In Gibbs v. St. Barnabas, after repeated failures to comply with discovery requests and deadlines, the plaintiff failed to satisfy a court order directing him to supply a supplemental bill of particulars within 30 days. The court then afforded plaintiff a final opportunity to comply by conditionally granting the defendant's motion to preclude, giving plaintiff 45 days to serve the supplemental bill. The plaintiff failed to comply leading the defendant to move to enforce the conditional order of preclusion. The court did not order preclusion, but directed the plaintiff to pay $500 for his delay.
The Appellate Division, with one Justice dissenting, affirmed. The majority concluded that the trial court did not abuse its discretion in declining to enforce the conditional preclusion order. The dissenter would have enforced the order and granted the defendant summary judgment, reasoning that the trial court erred in relieving plaintiff of his default without requiring him to demonstrate a reasonable excuse and a meritorious claim.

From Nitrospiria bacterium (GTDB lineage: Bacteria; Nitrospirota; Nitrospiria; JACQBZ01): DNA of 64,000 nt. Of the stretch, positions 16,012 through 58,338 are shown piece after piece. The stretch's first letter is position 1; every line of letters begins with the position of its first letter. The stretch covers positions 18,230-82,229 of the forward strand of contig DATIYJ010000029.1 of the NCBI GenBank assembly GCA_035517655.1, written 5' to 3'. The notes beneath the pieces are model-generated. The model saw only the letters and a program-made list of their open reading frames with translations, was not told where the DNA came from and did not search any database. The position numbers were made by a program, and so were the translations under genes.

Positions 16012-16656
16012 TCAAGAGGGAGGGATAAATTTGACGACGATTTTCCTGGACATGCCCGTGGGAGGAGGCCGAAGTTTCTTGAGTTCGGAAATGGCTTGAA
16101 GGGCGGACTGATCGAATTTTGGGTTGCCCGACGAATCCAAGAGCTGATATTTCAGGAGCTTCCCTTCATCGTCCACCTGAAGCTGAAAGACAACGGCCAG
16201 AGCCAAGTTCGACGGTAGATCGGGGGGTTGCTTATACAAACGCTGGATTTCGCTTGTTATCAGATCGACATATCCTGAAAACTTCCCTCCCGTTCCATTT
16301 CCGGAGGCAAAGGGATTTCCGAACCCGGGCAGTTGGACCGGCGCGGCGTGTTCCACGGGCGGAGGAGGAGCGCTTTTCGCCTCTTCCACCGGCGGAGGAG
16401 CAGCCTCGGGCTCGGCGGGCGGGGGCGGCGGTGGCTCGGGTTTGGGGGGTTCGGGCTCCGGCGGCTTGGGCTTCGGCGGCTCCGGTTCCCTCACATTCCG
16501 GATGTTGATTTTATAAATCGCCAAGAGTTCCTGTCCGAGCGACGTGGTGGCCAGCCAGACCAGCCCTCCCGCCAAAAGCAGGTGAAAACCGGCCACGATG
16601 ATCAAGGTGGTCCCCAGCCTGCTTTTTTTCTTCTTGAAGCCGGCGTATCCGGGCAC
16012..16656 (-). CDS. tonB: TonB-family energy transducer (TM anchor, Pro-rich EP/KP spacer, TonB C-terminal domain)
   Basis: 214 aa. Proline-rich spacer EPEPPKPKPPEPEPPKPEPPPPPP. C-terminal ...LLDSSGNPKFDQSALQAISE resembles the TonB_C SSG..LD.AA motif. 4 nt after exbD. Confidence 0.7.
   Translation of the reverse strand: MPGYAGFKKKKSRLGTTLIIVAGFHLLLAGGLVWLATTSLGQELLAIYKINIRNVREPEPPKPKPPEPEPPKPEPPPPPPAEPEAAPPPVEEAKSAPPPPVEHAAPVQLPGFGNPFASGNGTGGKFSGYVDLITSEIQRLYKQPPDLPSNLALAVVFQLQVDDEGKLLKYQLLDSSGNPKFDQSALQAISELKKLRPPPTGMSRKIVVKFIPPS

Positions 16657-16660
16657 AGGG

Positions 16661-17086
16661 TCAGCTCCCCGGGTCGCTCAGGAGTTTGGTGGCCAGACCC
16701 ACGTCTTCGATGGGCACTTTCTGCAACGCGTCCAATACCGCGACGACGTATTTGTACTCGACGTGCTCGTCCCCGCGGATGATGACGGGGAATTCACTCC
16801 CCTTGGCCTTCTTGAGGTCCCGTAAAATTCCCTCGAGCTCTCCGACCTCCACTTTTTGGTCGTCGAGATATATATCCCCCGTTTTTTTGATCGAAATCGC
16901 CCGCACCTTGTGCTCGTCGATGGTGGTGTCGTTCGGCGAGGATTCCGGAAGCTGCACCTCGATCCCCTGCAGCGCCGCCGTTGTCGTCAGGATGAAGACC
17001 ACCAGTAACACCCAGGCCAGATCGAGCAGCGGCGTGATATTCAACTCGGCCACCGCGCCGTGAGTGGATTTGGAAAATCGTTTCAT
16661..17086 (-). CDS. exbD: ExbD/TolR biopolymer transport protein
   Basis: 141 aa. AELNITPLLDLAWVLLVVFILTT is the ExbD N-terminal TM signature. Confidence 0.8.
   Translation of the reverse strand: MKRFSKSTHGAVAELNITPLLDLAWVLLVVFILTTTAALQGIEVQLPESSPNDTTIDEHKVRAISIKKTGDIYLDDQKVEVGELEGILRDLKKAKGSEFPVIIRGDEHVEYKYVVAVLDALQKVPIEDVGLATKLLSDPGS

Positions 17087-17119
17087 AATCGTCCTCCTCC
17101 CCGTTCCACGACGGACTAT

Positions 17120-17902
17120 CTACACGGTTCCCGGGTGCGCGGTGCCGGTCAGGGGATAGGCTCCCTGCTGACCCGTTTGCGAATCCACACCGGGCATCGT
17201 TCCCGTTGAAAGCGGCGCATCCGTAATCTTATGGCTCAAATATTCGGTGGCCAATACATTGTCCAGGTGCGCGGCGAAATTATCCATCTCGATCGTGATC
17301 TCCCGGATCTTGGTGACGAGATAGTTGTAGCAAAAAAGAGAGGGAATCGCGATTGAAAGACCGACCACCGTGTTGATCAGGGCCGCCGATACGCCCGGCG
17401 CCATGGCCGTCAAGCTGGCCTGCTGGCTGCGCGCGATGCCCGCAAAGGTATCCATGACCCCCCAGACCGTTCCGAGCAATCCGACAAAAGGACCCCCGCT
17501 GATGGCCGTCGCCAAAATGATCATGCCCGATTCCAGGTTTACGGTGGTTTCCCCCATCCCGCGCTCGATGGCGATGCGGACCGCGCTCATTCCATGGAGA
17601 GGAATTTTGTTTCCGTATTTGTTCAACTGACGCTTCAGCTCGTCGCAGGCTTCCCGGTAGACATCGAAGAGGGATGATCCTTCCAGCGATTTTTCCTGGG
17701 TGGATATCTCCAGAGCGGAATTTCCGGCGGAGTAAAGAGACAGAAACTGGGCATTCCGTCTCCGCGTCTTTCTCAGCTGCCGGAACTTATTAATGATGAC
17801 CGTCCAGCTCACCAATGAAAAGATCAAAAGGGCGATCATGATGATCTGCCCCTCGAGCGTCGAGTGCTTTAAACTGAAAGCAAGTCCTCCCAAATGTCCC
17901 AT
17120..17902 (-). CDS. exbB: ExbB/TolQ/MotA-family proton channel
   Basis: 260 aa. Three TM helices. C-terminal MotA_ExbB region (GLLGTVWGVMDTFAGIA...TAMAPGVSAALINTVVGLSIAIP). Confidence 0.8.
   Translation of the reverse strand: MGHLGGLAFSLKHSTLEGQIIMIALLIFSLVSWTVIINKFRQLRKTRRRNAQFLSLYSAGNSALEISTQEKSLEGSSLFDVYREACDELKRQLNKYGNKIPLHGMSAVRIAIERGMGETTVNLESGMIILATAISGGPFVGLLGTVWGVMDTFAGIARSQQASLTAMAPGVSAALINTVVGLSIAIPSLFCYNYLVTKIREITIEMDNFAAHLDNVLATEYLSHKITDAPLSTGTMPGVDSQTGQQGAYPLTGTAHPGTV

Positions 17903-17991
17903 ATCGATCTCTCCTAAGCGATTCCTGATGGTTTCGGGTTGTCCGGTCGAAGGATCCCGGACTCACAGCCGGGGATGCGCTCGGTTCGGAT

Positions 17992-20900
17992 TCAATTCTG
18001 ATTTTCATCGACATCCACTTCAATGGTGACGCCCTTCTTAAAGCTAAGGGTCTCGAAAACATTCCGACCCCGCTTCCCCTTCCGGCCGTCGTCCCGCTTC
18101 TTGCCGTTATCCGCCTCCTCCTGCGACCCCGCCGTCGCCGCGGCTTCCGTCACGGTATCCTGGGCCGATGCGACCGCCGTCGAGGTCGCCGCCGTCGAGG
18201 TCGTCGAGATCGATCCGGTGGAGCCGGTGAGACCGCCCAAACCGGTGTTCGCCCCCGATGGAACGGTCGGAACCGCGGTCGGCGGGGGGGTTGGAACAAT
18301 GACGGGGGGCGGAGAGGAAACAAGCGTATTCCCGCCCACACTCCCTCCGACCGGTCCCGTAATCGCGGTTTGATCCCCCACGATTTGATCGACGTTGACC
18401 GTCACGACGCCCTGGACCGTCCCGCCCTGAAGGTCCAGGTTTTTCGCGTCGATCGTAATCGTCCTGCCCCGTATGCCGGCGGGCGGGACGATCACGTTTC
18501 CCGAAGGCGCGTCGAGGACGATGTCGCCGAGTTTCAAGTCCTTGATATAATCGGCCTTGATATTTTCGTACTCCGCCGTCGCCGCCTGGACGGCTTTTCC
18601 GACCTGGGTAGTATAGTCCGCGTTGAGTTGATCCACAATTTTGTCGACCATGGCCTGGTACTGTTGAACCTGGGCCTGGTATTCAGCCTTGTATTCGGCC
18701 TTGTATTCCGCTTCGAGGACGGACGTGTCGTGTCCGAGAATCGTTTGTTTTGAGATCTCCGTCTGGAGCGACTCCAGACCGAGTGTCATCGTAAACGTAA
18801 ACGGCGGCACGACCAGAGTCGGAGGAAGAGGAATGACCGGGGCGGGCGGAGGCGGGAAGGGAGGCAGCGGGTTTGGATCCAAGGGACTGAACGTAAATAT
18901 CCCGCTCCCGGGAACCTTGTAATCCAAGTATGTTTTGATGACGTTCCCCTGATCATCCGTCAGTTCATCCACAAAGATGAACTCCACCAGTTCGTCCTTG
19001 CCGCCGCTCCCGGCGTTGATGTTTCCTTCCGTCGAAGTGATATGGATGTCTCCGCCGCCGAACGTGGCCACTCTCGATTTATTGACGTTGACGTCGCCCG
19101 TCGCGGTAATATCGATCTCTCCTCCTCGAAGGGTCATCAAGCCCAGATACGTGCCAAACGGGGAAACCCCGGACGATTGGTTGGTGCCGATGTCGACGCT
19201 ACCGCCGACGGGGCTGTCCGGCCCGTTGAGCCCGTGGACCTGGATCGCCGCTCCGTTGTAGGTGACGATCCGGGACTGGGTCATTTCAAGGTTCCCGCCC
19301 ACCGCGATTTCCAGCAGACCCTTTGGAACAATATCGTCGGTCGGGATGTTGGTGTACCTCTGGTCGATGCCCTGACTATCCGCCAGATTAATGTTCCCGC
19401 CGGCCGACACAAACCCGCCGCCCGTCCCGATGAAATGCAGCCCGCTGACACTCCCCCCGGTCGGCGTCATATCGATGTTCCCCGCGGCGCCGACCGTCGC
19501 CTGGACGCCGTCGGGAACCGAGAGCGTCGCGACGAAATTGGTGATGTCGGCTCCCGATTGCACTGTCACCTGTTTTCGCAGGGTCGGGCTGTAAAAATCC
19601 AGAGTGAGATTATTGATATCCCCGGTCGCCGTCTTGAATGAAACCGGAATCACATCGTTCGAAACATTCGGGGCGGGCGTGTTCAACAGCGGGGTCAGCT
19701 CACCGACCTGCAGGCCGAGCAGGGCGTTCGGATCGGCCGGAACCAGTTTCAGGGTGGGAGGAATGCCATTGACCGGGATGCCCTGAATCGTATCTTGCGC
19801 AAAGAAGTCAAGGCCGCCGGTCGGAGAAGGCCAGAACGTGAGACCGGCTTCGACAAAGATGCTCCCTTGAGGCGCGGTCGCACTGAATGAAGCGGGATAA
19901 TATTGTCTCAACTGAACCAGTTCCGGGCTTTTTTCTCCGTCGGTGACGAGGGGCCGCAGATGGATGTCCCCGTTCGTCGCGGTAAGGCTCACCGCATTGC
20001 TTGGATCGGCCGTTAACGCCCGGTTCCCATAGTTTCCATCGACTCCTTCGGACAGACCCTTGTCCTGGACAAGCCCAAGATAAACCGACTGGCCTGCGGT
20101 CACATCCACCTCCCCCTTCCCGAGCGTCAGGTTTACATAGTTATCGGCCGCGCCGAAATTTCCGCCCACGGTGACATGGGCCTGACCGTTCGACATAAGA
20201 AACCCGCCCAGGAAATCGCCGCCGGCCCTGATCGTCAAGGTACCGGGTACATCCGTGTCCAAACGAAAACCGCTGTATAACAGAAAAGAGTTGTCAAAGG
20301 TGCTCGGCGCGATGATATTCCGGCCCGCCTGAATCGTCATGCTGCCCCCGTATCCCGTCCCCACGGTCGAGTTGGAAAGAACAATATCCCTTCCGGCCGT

The Court of Appeals reversed holding that to obtain relief from a conditional order of preclusion, "the defaulting party must demonstrate (1) a reasonable excuse for the failure to produce the requested items and (2) the existence of a meritorious claim or defense. In cases involving a medical malpractice cause of action, 'expert medical opinion evidence is required to demonstrate merit' under the second requirement" (citations omitted). In the Gibbs case, however, the plaintiff failed to provide an affidavit from a medical expert establishing the merits of his claim, requiring enforcement of the preclusion order.
The Court of Appeals also held that a defendant does not have to prove that the failure to provide discovery was willful. Where the Court enters a conditional order of preclusion, "'the court relieves itself of the unrewarding inquiry into whether a party's resistance was wilful'" (Siegel, NY Prac § 367, at 608 [4th ed]).